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NEWS
By Michael Ollove | October 31, 1991
Thousands of delegates representing Reform Judaism in North America begin meetings today in Baltimore excited by the Middle East peace conference but also skittish about how American Jews should respond to the talks in Madrid, Spain.The Union of American Hebrew Congregations (UAHC), which expects nearly 4,000 delegates to attend its biennial convention, has long expressed disagreement with Israel's Likud government over such matters as Palestinian rights and settlements in occupied territories.
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NEWS
By Lynne Landsberg | April 2, 2008
I've been told that in my former life, I was an effortless multi-tasker, a fast talker and a quick thinker. I had speaking engagements across the country and composed my most powerful speeches in airplanes and taxis. In that former life, I was Rabbi Lynne Landsberg, associate director of the Religious Action Center of Reform Judaism, then the Union of Reform Judaism's director for the mid-Atlantic region, including Maryland. I am still Rabbi Lynne Landsberg, but the rest has changed. In 1999, I suffered a traumatic brain injury when my Jeep Cherokee skidded on a patch of black ice and wrapped around a tree.
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NEWS
By John Rivera and John Rivera,SUN STAFF | May 24, 1999
In the not-too-distant past, a man walking into a Reform synagogue wearing a yarmulke, the skullcap worn by many Jews, would be asked to remove it.Reform Judaism was founded last century as a leftward movement, emphasizing social justice and rejecting many of the traditional rituals and practices regarding diet and dress as at odds with modern society.But an increasing number of North America's 1.5 million Reform Jews are embracing observances cast off by their forebears. They are wearing yarmulkes, donning the prayer shawl called a tallit, keeping kosher kitchens, and learning Hebrew, all practices that would have been taboo a generation ago.The move has been unsettling for some longtime Reform Jews, many of whom joined the movement to escape what they perceived was the rigidity of the Orthodox and even the Conservative.
NEWS
February 13, 2004
Friars' seminar tomorrow to provide history of the Mass The Friars of the Sanctuary of St. Anthony will offer a seminar, "Do This in Remembrance of Me," from 9 a.m. to noon tomorrow. The seminar will provide a history of the Mass and an explanation of the ritual used to participate in the sacrament of the Holy Eucharist. Registration is required. The fee is $25. The friars will offer another seminar, "Your Sins Are Forgiven," from 9 a.m. to noon Feb. 21. It will examine what constitutes a sin and its effect on relationships with self, others and God. Registration is required.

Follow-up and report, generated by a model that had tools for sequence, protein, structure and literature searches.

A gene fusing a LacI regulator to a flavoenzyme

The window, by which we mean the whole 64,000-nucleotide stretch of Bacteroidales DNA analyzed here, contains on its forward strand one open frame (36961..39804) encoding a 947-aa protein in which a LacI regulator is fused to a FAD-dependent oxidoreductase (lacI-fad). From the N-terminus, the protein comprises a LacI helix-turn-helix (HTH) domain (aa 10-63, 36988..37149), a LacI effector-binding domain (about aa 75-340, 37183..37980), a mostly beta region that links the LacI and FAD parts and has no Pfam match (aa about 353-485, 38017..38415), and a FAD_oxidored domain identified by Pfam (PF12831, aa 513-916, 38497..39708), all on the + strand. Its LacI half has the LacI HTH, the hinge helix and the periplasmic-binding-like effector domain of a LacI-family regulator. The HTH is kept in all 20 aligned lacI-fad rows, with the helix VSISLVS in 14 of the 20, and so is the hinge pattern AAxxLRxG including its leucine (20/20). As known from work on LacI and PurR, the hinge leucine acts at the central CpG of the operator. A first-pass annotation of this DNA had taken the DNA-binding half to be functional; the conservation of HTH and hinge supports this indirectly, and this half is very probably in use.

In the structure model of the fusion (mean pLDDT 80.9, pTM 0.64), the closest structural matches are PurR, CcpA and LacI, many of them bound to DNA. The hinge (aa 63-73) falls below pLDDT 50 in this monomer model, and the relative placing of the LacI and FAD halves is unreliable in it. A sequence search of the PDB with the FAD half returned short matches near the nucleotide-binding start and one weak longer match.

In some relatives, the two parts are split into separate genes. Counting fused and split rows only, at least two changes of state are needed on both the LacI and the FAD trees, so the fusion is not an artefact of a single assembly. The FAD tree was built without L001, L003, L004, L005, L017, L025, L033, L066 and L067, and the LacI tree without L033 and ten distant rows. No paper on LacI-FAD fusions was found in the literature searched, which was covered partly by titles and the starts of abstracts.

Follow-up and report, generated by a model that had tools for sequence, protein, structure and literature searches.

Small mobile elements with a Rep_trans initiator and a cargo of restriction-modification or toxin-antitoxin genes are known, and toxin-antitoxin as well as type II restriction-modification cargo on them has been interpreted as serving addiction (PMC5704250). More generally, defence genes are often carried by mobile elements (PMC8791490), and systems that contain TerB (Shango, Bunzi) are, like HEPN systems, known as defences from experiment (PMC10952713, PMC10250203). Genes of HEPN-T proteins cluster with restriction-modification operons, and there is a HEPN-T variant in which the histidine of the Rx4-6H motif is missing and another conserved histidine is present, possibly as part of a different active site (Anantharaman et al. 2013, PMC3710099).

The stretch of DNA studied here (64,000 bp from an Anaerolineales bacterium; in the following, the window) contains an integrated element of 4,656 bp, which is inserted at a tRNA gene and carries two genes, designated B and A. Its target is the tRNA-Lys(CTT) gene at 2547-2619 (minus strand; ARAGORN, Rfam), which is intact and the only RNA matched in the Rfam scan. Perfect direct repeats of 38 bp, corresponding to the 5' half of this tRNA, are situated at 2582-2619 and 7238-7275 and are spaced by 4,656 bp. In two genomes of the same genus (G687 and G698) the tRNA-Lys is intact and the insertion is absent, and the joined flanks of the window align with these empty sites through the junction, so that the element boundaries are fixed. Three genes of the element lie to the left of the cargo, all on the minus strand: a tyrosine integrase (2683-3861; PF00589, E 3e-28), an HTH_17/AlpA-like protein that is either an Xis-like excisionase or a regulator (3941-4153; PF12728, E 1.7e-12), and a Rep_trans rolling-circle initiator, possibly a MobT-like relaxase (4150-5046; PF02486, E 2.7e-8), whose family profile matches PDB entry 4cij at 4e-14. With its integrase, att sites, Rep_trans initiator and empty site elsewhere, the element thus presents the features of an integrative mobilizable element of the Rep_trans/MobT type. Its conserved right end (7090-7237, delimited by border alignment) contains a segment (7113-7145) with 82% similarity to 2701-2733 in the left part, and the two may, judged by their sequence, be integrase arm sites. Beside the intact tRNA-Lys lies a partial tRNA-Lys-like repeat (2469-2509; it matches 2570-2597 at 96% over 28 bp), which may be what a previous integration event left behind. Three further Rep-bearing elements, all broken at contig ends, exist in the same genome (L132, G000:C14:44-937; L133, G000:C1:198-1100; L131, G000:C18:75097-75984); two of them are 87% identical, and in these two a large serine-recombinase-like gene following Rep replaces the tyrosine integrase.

NEWS
By Frank P. L. Somerville and Frank P. L. Somerville,Religion Editor of The Sun | December 7, 1990
Baltimore Hebrew Congregation, one of the nation's oldest and largest Reform Jewish synagogues, has announced to its members that it will open an elementary day school next fall.By 1995, the Pikesville congregation expects to enroll 150 students from kindergarten through the fifth grade.It will be only the 15th such school among more than 800 Reform congregations in the United States, said Rabbi Murray Saltzman of Baltimore Hebrew."While not everyone in the congregation is overjoyed," he said, "nevertheless, the decision stands as an important and historic move, which places this congregation in the forefront of Reform Judaism's dynamic growth."
NEWS
April 16, 1998
The Rev. Louis A. Saunders, 88, who performed the funeral for President Kennedy's assassin because "even Lee Harvey Oswald deserved a Christian burial," died April 5 of heart disease near Dallas.Mr. Oswald, shot by Jack Ruby, was to be buried Nov. 25, 1963, in Rose Hill Cemetery. But the ministers who were supposed to perform the service did not show, so the funeral director asked Mr. Saunders to preside.Roger F. Murray II, 96, an expert on pensions who helped create the concept of individual retirement accounts, died Monday of a heart attack in Wolfeboro, N.H.James B. Conkling, 83, who helped develop the Grammys and later became the first president of Warner Bros.
NEWS
By Patrick Ercolano and Patrick Ercolano,Evening Sun Staff | November 1, 1991
Many of the 4,000 delegates from the United States and Canada here for Reform Judaism's biennial assembly seem to have their minds elsewhere -- in Madrid, Spain, the site of the current Middle East peace conference.The peace talks "will dominate conversations at the biennial," said delegate Karen Stromberg of Paradise Valley, Ariz., echoing the sentiments of other conventioneers as they registered yesterday at the Baltimore Convention Center downtown.Resolutions seeking to shape Reform policy on the Middle East will be taken up during plenary sessions of the 61st General Assembly of the Union of American Hebrew Congregations.
NEWS
November 5, 1991
For many years Rabbi Alexander Schindler has been an eloquent and courageous voice in Reform Judaism in America, and he brought a timely message in his opening remarks to the 4,000 delegates who gathered this week in Baltimore for the biennial meeting of the Union of American Hebrew Congregations. His message was that tolerant people of all religions and cultures in America must come together to resist the siren blandishments of extremists like Louis Farrakhan on the one side, David Duke on the other.
NEWS
By Lynne Landsberg | April 2, 2008
I've been told that in my former life, I was an effortless multi-tasker, a fast talker and a quick thinker. I had speaking engagements across the country and composed my most powerful speeches in airplanes and taxis. In that former life, I was Rabbi Lynne Landsberg, associate director of the Religious Action Center of Reform Judaism, then the Union of Reform Judaism's director for the mid-Atlantic region, including Maryland. I am still Rabbi Lynne Landsberg, but the rest has changed. In 1999, I suffered a traumatic brain injury when my Jeep Cherokee skidded on a patch of black ice and wrapped around a tree.
NEWS
By John Rivera and John Rivera,SUN STAFF | August 16, 2000